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Genesis 46:1

    Genesis 46:1 Translations

    King James Version (KJV)

    And Israel took his journey with all that he had, and came to Beersheba, and offered sacrifices unto the God of his father Isaac.

    American King James Version (AKJV)

    And Israel took his journey with all that he had, and came to Beersheba, and offered sacrifices to the God of his father Isaac.

    American Standard Version (ASV)

    And Israel took his journey with all that he had, and came to Beer-sheba, and offered sacrifices unto the God of his father Isaac.

    Basic English Translation (BBE)

    And Israel went on his journey with all he had, and came to Beer-sheba, where he made offerings to the God of his father Isaac.

    Webster's Revision

    And Israel took his journey with all that he had, and came to Beer-sheba, and offered sacrifices unto the God of his father Isaac.

    World English Bible

    Israel traveled with all that he had, and came to Beersheba, and offered sacrifices to the God of his father, Isaac.

    English Revised Version (ERV)

    And Israel took his journey with all that he had, and came to Beer-sheba, and offered sacrifices unto the God of his father Isaac.

    Clarke's Commentary on Genesis 46:1

    And came to Beer-sheba - This place appears to be mentioned, not only because it was the way from Hebron, where Jacob resided, to Egypt, whither he was going, but because it was a consecrated place, a place where God had appeared to Abraham, Genesis 21:33, and to Isaac, Genesis 26:23, and where Jacob is encouraged to expect a manifestation of the same goodness: he chooses therefore to begin his journey with a visit to God's house; and as he was going into a strange land, he feels it right to renew his covenant with God by sacrifice. There is an old proverb which applies strongly to this case: "Prayers and provender never hinder any man's journey. He who would travel safely must take God with him.

    Barnes' Notes on Genesis 46:1

    Jacob arriving at Beer-sheba is encouraged by a revelation from God. Beer-sheba may be regarded as the fourth scene of Abraham's abode in the land of promise. "Offered sacrifices." He had gathered from the words of the Lord to Abraham Genesis 15:13, and the way in which the dreams of Joseph were realized in the events of Providence, that his family were to descend into Egypt. He felt therefore, that in taking this step he was obeying the will of Heaven. Hence, he approaches God in sacrifices at an old abode of Abraham and Isaac, before he crosses the border to pass into Egypt. On this solemn occasion God appears to him in the visions of the night. He designates himself EL the Mighty, and the God of his father. The former name cheers him with the thought of an all-sufficient Protector. The latter identifies the speaker with the God of his father, and therefore, with the God of eternity, of creation, and of covenant. "Fear not to go down into Mizraim." This implies both that it was the will of God that he should go down to Egypt, and that he would be protected there. "A great nation."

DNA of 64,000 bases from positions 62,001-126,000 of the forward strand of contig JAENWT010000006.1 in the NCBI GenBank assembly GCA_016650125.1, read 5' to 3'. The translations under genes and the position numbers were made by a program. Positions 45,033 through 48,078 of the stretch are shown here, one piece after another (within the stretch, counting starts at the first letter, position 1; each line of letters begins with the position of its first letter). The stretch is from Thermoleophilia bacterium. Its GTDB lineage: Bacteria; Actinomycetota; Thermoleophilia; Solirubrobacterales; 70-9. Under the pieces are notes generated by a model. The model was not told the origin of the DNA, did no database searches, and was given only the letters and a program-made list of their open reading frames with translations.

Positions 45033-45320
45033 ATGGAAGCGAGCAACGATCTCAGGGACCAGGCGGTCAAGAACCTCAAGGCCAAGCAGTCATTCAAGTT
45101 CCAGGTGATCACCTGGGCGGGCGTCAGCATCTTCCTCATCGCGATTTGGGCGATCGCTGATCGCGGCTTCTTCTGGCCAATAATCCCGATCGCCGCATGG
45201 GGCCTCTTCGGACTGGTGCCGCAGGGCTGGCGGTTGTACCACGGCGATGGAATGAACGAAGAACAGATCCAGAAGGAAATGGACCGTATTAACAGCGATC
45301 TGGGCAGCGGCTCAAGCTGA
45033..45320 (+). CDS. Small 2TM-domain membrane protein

Jacob had now a numerous family, of whom no longer one was selected, but all were included in the chosen seed. He had received the special blessing and injunction to be fruitful and multiply Genesis 28:3; Genesis 35:11. The chosen family is to be the beginning of the chosen nation. "I will go down with thee." The "I" is here emphatic, as it is also in the assurance that he will bring him up in the fullness of time from Egypt. If Israel in the process of growth from a family to a nation had remained among the Kenaanites, he would have been amalgamated with the nation by intermarriage, and conformed to its vices. By his removal to Egypt he is kept apart from the demoralizing influence of a nation, whose iniquity became so great as to demand a judicial extirpation Genesis 15:16. He is also kept from sinking into an Egyptian by the fact that a shepherd, as he was, is an abomination to Egypt; by his location in the comparatively high land of Goshen, which is a border land, not naturally, but only politically, belonging to Egypt; and by the reduction of his race to a body of serfs, with whom that nation would not condescend to intermingle. "Joseph shall put his hand upon thine eyes." His long-lost son shall be present to perform the last offices to him when deceased.